A white chocolate Hershey bar buried at the South Pole over 60 years ago has returned to the confectionery giant to go on public view until 31 January 2002.

The 1937 Field Ration Bar was discovered near the runway at the Amundsen-Scott South Pole Station in 2 1/2 foot of ice by explorer Douglas Stoup in January. It has been established that the chocolate was buried along with other supplies by Adm Richard Byrd's third expedition, who intended to dig it up later.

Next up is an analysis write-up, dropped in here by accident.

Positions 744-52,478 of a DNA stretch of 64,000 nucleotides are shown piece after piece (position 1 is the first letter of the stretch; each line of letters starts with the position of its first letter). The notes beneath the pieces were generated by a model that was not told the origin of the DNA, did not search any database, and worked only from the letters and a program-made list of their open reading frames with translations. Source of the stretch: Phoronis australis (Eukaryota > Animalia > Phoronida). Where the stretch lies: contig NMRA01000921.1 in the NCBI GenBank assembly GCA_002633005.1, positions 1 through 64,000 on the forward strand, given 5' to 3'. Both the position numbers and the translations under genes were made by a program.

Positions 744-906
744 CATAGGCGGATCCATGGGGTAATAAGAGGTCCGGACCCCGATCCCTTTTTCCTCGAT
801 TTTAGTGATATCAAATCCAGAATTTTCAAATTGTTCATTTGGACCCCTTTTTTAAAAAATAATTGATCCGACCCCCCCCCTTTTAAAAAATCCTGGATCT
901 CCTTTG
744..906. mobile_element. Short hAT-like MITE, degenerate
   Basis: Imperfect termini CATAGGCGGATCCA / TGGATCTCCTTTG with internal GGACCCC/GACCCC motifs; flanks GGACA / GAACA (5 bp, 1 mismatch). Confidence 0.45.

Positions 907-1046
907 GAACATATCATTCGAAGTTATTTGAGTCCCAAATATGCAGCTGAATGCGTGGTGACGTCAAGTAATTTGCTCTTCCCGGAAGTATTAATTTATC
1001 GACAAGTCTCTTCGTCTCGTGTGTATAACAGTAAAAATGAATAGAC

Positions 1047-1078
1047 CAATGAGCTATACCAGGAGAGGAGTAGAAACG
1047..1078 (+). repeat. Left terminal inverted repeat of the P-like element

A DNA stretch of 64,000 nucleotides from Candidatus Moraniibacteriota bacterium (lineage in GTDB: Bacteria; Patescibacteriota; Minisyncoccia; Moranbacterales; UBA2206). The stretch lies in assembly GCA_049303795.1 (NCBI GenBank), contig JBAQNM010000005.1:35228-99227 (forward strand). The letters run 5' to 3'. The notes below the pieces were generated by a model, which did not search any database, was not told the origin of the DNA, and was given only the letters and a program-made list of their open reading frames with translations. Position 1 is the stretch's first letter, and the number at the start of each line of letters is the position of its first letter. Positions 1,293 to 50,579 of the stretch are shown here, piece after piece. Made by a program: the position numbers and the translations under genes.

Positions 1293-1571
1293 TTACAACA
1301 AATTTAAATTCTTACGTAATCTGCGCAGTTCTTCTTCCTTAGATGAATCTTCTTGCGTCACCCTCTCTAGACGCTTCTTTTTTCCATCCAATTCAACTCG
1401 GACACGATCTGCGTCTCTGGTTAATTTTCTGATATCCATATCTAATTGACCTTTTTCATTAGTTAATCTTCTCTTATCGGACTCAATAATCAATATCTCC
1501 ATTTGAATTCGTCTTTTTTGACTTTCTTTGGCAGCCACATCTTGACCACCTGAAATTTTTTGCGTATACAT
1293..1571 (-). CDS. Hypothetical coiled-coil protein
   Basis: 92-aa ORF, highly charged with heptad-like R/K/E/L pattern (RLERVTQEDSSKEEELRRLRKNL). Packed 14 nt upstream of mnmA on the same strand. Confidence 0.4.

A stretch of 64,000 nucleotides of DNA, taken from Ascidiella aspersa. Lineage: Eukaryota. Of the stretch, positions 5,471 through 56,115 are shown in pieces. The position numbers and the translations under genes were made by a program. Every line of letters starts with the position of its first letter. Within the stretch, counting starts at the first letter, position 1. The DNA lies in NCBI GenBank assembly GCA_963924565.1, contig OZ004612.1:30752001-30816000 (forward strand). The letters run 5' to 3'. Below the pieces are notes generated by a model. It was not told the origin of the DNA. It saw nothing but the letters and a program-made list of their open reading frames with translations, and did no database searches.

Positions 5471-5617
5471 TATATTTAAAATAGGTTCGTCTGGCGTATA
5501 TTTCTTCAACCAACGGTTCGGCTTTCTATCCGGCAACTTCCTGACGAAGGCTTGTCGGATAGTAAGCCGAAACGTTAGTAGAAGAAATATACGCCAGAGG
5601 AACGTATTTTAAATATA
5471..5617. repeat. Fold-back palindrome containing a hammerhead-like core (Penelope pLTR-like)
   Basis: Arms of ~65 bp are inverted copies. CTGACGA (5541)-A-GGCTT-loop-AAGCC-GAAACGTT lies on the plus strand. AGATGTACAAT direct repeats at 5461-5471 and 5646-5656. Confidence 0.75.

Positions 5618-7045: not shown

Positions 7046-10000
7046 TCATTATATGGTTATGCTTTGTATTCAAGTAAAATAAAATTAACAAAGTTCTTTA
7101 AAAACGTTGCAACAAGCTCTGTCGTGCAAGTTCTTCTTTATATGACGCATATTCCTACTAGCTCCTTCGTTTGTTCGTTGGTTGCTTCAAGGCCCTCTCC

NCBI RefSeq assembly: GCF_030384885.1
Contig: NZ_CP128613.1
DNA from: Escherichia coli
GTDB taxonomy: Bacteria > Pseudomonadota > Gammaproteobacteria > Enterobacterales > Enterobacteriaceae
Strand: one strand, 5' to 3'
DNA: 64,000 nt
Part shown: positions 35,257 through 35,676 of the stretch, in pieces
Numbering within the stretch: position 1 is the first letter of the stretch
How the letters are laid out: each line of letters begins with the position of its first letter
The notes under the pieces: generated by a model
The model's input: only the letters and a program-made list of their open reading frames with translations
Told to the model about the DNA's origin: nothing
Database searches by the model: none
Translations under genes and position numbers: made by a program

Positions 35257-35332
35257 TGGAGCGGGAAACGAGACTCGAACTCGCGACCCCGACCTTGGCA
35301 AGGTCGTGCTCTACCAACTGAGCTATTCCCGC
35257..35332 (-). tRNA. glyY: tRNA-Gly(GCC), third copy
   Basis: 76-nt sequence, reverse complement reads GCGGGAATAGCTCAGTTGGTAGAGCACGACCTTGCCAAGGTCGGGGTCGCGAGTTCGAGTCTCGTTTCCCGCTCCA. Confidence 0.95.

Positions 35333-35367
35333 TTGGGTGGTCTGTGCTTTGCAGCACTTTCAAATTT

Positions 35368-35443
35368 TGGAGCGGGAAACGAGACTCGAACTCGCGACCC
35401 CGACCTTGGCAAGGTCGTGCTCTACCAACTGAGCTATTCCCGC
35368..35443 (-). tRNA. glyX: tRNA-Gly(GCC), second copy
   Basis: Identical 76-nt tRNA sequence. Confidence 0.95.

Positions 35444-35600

The chocolate bars were manufactured in June 1937 to army specifications before the Field Ration D Bar was put into production. The Army required a bar that weighed 4 ounces, be melt-resistant and high in energy. Interestingly, in a bid to prevent soldiers eating the chocolate too quickly, Hershey was asked to make it taste "just a little better than a boiled potato".